Having spent two days helping with recovery and rescue efforts in Seaside Heights, Lakehurst Volunteer Fire Company Chief Ed Seaman needed few words to describe Hurricane Sandy's destruction.
About 10 members of the borough's fire department rose to the call when the barrier island community needed assistance. They left at 10:30 a.m. Monday, Oct. 29 and didn't return to Lakehurst until 10:30 p.m. the following day.
Lakehurst was able to provide a unique asset to recovery efforts — the fire company has what Seaman called an "off-road high water fire unit." Locally, only Lakehurst, Cassville and the state police have such a vehicle.
"They called our truck out for a resource," said First Capt. Brian Dugan.
Sandy mostly caused downed trees and electrical wires in Lakehurst — the borough's storm issues mostly were under control shortly after the storm struck, so a portion of the the fire department's staff was free to assist elsewhere, Dugan said.
"Lakehurst residents are very fortunate compared to other towns," Seaman said.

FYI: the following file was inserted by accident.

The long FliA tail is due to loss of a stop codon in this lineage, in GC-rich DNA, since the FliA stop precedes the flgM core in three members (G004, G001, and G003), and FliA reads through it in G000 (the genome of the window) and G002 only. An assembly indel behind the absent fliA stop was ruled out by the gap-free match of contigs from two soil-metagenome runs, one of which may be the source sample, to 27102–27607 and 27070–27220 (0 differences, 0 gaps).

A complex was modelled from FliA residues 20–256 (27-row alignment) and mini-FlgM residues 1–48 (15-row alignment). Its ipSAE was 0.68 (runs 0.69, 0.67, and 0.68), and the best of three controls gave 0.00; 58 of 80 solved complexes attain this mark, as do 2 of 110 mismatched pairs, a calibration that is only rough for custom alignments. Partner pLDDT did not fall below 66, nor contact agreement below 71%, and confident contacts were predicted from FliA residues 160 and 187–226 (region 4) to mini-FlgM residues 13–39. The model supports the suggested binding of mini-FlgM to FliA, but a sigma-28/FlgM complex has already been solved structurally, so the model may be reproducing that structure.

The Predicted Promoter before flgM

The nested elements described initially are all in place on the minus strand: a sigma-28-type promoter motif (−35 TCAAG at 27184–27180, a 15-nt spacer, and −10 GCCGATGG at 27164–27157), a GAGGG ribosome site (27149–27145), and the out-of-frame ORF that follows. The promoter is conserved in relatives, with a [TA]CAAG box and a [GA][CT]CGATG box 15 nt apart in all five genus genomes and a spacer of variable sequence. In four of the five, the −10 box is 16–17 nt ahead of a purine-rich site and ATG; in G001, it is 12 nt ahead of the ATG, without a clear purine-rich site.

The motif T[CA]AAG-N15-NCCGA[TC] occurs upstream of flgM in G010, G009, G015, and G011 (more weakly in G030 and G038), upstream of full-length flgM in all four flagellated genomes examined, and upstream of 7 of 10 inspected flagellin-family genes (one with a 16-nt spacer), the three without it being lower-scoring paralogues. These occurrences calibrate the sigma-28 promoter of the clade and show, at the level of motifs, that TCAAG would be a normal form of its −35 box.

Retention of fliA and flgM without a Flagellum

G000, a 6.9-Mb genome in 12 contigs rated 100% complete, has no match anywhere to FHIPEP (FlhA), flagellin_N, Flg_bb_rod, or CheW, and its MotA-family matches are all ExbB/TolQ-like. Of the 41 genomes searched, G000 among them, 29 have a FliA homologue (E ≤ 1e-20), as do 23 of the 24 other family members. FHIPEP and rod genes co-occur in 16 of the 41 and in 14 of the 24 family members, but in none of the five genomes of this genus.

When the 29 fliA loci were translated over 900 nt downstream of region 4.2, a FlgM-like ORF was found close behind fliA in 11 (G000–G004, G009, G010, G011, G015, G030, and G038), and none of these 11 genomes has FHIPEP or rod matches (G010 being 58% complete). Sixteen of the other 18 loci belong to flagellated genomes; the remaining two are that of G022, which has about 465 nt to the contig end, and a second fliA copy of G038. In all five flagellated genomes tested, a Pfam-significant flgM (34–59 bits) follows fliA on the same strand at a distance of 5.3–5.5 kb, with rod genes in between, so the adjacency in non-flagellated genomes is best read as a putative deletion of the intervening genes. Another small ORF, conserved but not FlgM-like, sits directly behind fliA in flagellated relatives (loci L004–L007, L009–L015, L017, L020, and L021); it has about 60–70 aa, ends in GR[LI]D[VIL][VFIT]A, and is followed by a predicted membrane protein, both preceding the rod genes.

The truck was used to transport emergency personnel and equipment through the high waters that made getting into Seaside a problem for first responders. Seaman said that heading over to the barrier island, about 3 feet of water covered Route 37 near Fischer Boulevard.
Worse yet, a section of road with 4 to 5 feet of water greeted those who crossed the bridge into Seaside. But Lakehurst's truck made it through.
While there, Seaman said that his crews helped to make rescues, including one of a 3-week-old and the child's mother. A disabled resident was also helped by crews.
In another instance, responders backed their truck up to the second story of a flooded home so the occupants could jump out and into their vehicle, Seaman said.
With the National Guard in Seaside, Lakehurst's crew and their truck were able to return home.
The department also has provided assistance in Brick, Toms River, Lavallette and Mystic Island.
Manchester crews also aided in recovery efforts elsewhere. For example, the Whiting Volunteer Fire Company traveled to Long Beach Island, where Sandy heavily impacted the area.
Story and Photos Courtesy of Manchester Patch